If I had time for future iterations, I would like to cut down on the number of screens. For example, if the user is logged in, the first screen after that would just be to the enter an amount to be sent. Furthermore, the option to do card setup and login within the iMessage app instead of being redirected to open the actual app since it was quite jarring and sometimes confusing to the users to leave iMessage then come back.
Azimo's iMessage app is currently launched! Download the app to try it out.(You have to have your card and account set up though 😉)
Working with on this project with Azimo has taught me to build fast so the product can be tested quickly, especially in this small, fast paced startup environment.
I'm happy to be able to have contributed to many aspects of the product team as well had the opportunity to work in London! Thank you to everyone across the pond.Back to top
Azimo had completely rebranded their app and I was tasked with one of the four tabs on the main screen - the Invite Friend page. The screen, despite it's simplicity, is an crucial path for the company to gain more users and thus more customers. The initial design (the one on the left) was the old design that did not work with their new branding anymore. The final design that I worked on is the on the right in which you can now see on the app store, live!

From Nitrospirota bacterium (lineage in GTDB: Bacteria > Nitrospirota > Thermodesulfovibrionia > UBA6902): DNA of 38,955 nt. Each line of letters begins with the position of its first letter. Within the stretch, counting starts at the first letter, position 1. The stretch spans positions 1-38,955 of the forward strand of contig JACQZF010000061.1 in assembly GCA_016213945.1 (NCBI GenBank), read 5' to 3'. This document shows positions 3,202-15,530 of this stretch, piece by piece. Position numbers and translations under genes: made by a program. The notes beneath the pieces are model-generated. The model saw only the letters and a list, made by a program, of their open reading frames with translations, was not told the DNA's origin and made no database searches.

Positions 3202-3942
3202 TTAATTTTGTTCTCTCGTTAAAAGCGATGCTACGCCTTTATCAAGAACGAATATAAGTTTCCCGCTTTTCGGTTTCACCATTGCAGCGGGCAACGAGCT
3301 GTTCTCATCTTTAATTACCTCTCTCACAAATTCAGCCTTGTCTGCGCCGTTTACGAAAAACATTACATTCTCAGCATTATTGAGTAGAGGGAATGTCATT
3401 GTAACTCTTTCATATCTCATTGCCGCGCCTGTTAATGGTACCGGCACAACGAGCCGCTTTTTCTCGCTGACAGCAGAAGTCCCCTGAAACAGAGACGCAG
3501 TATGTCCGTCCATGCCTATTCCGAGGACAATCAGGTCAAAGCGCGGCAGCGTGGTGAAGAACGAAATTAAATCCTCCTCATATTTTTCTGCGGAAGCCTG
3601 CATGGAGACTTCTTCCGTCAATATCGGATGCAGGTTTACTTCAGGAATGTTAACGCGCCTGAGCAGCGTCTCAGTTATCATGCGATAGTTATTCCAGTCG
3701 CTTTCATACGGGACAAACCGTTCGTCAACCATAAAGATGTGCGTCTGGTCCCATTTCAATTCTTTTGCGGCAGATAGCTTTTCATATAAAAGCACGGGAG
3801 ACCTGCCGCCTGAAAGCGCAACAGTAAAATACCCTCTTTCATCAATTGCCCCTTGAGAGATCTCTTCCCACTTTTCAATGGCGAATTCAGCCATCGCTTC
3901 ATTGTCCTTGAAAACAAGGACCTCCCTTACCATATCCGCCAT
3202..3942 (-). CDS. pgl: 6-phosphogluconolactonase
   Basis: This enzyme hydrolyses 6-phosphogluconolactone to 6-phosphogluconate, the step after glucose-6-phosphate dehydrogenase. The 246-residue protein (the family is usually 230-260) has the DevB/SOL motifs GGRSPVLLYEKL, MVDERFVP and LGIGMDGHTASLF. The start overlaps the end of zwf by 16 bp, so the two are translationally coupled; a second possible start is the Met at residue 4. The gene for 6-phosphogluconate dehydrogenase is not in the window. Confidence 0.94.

Azimo has this rewards program in which the more people you invite, the more money you will get - but the problem was how to represent this in a way that will convey the message to users quickly and effectively? Through iteration and feedback sessions, I used iconography, copy, and layout that was simple enough for users to understand at a glance and letting the action items (the buttons) be more obvious.
One challenge of this project was to make sure the main text was short enough so when translated into languages with more characters (ie. German), there would be enough space on the screen to do so.
On my downtime I also worked with the Branding/Visual Design team on redesigning the website country landing pages. The parts I was specifically tasked with were the delivery methods and testimonials. This is the old design and some things the team wanted to change.
I used the brand’s shapes and colors to brainstorm what alternative designs could be used for this section. I drew inspiration from how subscription product pages priced their plans (ie. Spotify) and made sure to keep in mind the ability to scale (add more options) if needed.
Something I would change would not to have some methods grayed out because it looked like those were not viable. I imagined it would restore to full opacity on hover but it might be confusing to the user.
The problem here was that the testimonials not personable enough despite being quotes from actual people.
The top left one is the first iteration and then it went from there. Since the image wasn’t super high quality (and there was no guarantee future pictures would be), I wanted to include his face but not put too much emphasis on it. Putting a face and name to each review would greatly increase the authenticity of the review. I also played around again with the company's branding styles as well as designed possibilities to scale the feature if needed.
Since I wasn’t formally on the brand/marketing team, they had final decision on what elements of mine they ultimately built and launched. This is the current website screenshot I took as of March 2017. I do believe the redesign is the right step towards making the site more personable as well as easier to understand and use.Back to top